At the beginning of the uprising, freedom fighters have been accused of being this and that. This is always the case when you're on the right. You get opposed for no clear reason, or for the sake of being opposite.

That's the price we are to pay for liberty. I am so proud of our men and women, hand in hand they have established a unity we hardly knew was there. With that, our Freedom Fighters were able to achieve successes in various parts of Libya. Recent one was Misurata... free at last. Now Fighters are moving west towards Zliten and news are coming in by the hour of clashes between them and Gaddafi forces in the city. Their ability to maintain strength and patience till this very day is outstanding. 

This is Libyans for you. This is their faith. This is what they believe in.

I would do anything...

As always we'll keep praying with full boost. We're getting there inshallah. I can almost see the light at the end of the tunnel.

Till next time,

Hana S.

Friday, May 13, 2011

Quick Rant!! @#$$%^$%

I just wanna say that I can't get over the post I posted yesterday T___T It disappeared after the site's maintenance...


Back to pen and paper -___-#

Hana S.

Sunday, May 8, 2011

What Makes A Freedom Fighter

We have a saying in Arabic...

فاقد الشئ لا يعطيه

He who is deprived of something does not give it

Get it?


That's not one of my favorite sayings, because I don't entirely believe in it.

Our youths are an excellent example of this- the contrary, that is- of giving something that they were deprived of. Freedom. Safety. Incentive to all those around them. Pride. Respect.

Willing to try.... Willing to learn.

We take moments, hours, days! to try and perceive what went wrong to a country that is rich in values and heritage. A hundred years back we were fighting, we had fighters then too. We were ridiculed. How could warriors on horseback defeat the developed and magnanimous artillery (well, it was back then) of the Italian army? And history repeats itself with our current Freedom Fighters, who lack experience in military defense, they share the same force with which our grandfather Omar Mukhtar fought with a century ago.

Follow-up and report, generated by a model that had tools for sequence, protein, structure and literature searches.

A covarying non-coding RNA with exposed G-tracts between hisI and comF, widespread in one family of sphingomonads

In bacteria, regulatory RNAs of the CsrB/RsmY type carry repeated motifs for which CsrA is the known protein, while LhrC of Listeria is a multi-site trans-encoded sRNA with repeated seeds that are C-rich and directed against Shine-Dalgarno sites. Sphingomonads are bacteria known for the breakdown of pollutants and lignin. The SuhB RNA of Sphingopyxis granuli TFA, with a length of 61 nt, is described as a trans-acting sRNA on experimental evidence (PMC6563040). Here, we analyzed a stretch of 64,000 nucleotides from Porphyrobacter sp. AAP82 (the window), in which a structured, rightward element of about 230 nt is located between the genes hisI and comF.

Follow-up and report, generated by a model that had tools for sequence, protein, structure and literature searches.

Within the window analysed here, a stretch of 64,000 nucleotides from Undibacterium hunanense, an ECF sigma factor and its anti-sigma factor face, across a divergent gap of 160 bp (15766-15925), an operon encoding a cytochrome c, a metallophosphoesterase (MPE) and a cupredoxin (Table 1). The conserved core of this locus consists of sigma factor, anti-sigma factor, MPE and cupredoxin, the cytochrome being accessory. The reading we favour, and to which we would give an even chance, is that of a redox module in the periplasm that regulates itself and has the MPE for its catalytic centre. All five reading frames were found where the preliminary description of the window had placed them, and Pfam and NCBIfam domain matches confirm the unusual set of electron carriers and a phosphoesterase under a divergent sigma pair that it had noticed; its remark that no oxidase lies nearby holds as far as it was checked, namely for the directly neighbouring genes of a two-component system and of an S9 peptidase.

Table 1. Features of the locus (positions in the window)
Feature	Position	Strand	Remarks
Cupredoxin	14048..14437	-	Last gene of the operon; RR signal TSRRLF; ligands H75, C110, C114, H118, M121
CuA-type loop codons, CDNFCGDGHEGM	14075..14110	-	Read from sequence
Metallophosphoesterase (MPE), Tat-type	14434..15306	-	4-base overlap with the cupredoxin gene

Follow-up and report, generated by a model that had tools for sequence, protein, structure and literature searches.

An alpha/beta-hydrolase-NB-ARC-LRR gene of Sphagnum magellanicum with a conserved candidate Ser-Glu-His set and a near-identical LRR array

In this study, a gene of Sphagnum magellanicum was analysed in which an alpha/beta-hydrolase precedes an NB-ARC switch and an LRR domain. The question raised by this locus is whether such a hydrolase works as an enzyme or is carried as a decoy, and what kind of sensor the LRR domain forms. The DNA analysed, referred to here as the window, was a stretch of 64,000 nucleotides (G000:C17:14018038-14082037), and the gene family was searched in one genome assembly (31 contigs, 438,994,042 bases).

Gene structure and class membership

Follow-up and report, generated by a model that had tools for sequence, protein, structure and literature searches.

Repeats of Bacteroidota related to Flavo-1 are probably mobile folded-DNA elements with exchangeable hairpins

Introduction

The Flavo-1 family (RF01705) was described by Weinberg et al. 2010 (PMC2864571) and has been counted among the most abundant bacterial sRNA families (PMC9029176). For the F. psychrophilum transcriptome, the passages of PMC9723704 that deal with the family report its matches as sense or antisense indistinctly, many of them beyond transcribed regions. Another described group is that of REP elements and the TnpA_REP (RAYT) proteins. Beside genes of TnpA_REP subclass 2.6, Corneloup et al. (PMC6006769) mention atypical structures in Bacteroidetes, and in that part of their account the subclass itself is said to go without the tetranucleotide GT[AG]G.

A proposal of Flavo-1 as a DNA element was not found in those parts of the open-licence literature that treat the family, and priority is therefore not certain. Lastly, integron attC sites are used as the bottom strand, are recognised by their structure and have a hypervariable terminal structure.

So why do the Freedom Fighters lack the ability to grab a gun and save the day?

For many years, I've heard of men trying desperately to skip/flee military service in Libya. Some have actually been residing abroad for a long time, away from family and friends, just for that cause. It's all because of the horrors of the regime's military technicality. As a soldier, you are dealt by ignorant, aggressive men who think you're not a man unless you are trained to be treated like trash.

Protecting our family and land is our top priority

Now we are witnessing a battle between Gaddafi's diabolic regime, who I'm positive most of them were lucky enough to reach junior high, and the educated entity of our Libyan population who have fulfilled an educated life (regardless of how they've achieved that) and seek freedom to and a better life.

We are the ones aware of how the world is getting about, prospering, figuring out sollutions to keep things going.

Our road is paved with our worship to Allah, with our faith in that He'll guide us to our release. And that's what makes us successful in reaching our goal.


Saif said there's going to be a civil war. Did he go and see how families are assisting each other in Misurata? Giving each other emotional boost and sharing their food... Or our fellow brothers and sisters in the liberated east who are preparing to march to the far west to free Tripoli and its neighboring cities?

It's time that this regime seriously clammed it and disappeared.

It is our chance to prove what we're really made of and capable of doing. We are not worthless. God valued us when he gave us minds and souls to live. Living under this regime is not our way of saying thank you.